Offering frequent news and analysis from the majestic Evergreen State and beyond, The Cascadia Advocate is the Northwest Progressive Institute's unconventional perspective on world, national, and local politics.

Monday, March 3, 2008

Homeowner's Bill of Rights Update: SB 6385 in House Rules Committee

After winning a "do pass" recommendation from a majority on the House Judiciary Committee, the Homeowner's Bill of Rights on Friday moved to the House Rules Committee, where it has been placed on second reading. The bill now has just three days to make it to the floor and pass the House of Representatives... or it will die.

Readers, in these next seventy two hours, there is a real opportunity to make a difference. Every email sent, every phone call dialed has an impact.

Last night we received a message from House Judiciary Chair Pat Lantz. She wrote "Thank you for your support. It will most certainly help move this bill along."

Our friend Sandy Levy, who has extensive experience working with all parties affected by the Homeowner's Bill of Rights, has prepared a great Q&A debunking the myth that insurance rates will skyrocket if we pass this consumer protection legislation. Sandy's background is as follows:
For the past 28 years, I have worked as a private lawyer, representing large and small commercial contractors, dozens of specialty subcontractors, building suppliers, and occasionally property owners.

Over the past 10 years more and more of our firm’s work has involved homeowners with construction defect claims. We have represented buyers of inexpensive homes in Tumwater, attached townhomes in Bellingham, condos all over King County, and apartment house owners in Snohomish County.

We have also defended wire manufacturers in fire cases, plumbing suppliers in products liability cases, and sheetrock suppliers at the University of Washington. On any given day in our office, we spend time representing just about everyone involved in construction, including architects, builders, contractors, suppliers and property owners. Currently, we represent two of Washington’s largest home contractors, as well as most of the electrical suppliers.

From this perspective, we see every aspect of residential planning, development, and construction. Without a doubt, I can say that the quality of construction over the past twenty years has been in a steep downward slide, driven, it seems, by a commitment to profit, and not quality workmanship.

Builders who used to employ their own framing and concrete crews now subcontract 100% of the work. The largest homebuilders don’t employ any of their own people to work onsite. Some even subcontract supervision, if they supply any.

We have taught courses and I put on seminars for all aspects of the construction trades, trying to train superintendents, contractors and subs. Some contractors are committed to improving and training their people, while others are driven solely by a desire to cut costs and increase profits.
The Q&A is as follows.

Question: Will SB 6385 drive up the cost of insurance builders are required to carry?

Answer: First, we have to look at what insurance builders are required to carry. RCW 18.27 requires builders to provide $250,000 in liability insurance to cover claims made for personal injury or property damage caused by the builder. All builder policies exclude coverage for defective work and breach of contract. More recently, to avoid having to cover water damage claims, insurers have excluded coverage for any form of water intrusion, wet or dry rot, mold, mildew and decay. SB 6385 does not add any additional requirements to carry insurance.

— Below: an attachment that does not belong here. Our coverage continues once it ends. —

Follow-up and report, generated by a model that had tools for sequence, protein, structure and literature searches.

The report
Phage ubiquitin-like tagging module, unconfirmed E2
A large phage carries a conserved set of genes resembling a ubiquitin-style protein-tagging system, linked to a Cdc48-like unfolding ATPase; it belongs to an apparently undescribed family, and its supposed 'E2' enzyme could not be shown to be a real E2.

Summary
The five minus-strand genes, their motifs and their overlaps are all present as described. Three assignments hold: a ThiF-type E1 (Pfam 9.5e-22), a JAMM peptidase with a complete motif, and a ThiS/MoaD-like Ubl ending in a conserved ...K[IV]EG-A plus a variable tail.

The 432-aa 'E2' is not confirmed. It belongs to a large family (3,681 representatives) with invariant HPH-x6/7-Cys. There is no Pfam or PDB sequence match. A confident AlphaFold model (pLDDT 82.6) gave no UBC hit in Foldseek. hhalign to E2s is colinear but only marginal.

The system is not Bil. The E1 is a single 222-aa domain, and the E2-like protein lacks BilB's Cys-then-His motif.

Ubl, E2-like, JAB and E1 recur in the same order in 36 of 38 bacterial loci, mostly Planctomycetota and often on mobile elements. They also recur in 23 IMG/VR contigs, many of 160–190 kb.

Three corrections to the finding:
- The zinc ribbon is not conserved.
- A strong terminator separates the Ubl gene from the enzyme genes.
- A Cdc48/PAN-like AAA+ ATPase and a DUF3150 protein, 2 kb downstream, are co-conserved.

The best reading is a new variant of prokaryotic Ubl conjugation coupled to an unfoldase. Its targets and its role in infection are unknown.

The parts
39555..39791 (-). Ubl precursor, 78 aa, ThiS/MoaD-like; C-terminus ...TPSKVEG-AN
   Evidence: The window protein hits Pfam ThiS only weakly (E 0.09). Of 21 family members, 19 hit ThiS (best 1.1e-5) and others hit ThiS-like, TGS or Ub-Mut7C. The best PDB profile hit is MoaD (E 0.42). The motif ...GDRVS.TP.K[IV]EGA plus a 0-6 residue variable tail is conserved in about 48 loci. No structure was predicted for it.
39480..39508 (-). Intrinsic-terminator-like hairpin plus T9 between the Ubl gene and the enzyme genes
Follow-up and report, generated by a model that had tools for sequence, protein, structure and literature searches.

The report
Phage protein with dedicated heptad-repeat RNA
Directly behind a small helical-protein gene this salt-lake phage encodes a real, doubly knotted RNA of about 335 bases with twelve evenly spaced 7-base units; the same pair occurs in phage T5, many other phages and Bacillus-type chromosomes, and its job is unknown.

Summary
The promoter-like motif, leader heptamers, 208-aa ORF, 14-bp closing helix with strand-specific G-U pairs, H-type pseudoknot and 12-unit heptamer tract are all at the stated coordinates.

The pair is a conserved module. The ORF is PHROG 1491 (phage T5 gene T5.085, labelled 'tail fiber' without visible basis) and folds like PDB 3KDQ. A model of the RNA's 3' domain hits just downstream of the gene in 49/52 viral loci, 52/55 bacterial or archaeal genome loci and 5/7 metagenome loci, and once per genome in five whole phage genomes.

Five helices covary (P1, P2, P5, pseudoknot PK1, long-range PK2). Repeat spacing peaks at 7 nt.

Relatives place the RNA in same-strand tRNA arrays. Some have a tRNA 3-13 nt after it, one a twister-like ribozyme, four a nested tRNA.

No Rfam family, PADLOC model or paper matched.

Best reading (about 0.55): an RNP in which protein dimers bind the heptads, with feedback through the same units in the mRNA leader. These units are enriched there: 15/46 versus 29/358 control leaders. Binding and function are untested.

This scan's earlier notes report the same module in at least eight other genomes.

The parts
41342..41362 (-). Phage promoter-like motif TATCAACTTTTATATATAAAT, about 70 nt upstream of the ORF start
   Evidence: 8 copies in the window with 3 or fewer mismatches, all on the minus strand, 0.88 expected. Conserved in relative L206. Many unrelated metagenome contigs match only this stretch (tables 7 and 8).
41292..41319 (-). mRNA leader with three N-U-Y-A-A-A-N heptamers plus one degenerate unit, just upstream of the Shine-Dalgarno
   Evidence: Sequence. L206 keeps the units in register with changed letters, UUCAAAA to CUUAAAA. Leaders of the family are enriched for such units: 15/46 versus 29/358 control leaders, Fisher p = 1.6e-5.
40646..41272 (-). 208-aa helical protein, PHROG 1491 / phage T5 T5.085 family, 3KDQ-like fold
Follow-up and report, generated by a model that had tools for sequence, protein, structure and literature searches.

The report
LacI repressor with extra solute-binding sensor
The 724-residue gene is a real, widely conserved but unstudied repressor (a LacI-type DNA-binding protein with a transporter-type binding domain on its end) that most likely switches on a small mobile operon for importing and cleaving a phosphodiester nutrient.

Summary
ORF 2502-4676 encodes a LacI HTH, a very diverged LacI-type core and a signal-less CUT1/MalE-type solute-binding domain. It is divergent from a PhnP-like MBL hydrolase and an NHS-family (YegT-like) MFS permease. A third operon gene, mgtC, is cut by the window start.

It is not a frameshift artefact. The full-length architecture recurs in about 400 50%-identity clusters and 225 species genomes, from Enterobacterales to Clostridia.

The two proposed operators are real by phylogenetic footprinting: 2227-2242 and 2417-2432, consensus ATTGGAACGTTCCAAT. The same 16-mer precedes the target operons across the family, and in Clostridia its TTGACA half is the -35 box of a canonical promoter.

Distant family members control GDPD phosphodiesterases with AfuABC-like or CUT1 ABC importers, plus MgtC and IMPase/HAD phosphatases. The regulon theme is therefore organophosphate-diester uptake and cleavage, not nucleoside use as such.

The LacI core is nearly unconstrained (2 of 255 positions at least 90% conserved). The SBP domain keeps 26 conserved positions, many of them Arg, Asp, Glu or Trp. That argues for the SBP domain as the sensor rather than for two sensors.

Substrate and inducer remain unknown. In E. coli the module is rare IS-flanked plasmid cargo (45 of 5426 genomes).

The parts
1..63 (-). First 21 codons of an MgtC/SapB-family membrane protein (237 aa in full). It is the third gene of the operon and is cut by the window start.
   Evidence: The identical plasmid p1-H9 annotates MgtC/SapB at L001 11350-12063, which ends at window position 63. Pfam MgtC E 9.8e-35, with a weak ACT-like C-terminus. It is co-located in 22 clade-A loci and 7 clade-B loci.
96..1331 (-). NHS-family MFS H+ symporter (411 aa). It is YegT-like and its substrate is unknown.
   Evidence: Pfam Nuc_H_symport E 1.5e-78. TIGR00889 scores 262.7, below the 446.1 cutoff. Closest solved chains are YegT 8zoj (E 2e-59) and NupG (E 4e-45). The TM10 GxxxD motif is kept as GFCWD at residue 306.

It is hard to see how insurance premiums will rise when the insurers do not provide coverage for the types of claims that might arise from these warranties.

Question: Have mandatory warranties driven up the costs of insurance in other states?

Answer: At least ten other states require home builder warranties, including California, which has had a mandatory 10 warranty for years. No one, not BIAW or Master Builders, has shown any impact on residential building following the enactment of warranty legislation. Until the end of 2006, most homebuilders, including California and Oregon builders, enjoyed record profits. This may change now due to the nationwide bursting of the housing bubble, but not because of laws holding builders accountable for shoddy construction.

According to the Master Builders Website, at least 19 states require builders to have liability insurance. These programs have been in place for many years. Master Builders does NOT report that these states have seen huge increases in insurance premiums. In fact, they offer no information or evidence of any insurance impact.

Question: Won’t the bill increase insurance premiums?

Answer: Even if the liability policies covered claims for breach of warranties, or are offered in the future, all such insurance is experienced-based. That means the insurers will look at the experience of the builders in terms of prior lawsuits, and claims against them. It’s no different than obtaining auto insurance, which is also required by law. If you have repeated traffic violations, your premiums will go up. If you drive for five years without a violation or accident, your premiums decline. It is and has been the same for builders.

Even without the warranty bill, insurers have charged builders various rates depending on the number of accident claims filed against them.

Question: Can’t homeowners get their own insurance?

Answer: No. Every homeowner’s insurance policy specifically excludes damages due to construction and design defects, including latent defects. Those policies also exclude damages arising from water intrusion, mold, wet and dry rot. Homeowners cannot buy coverage to protect them from construction defects.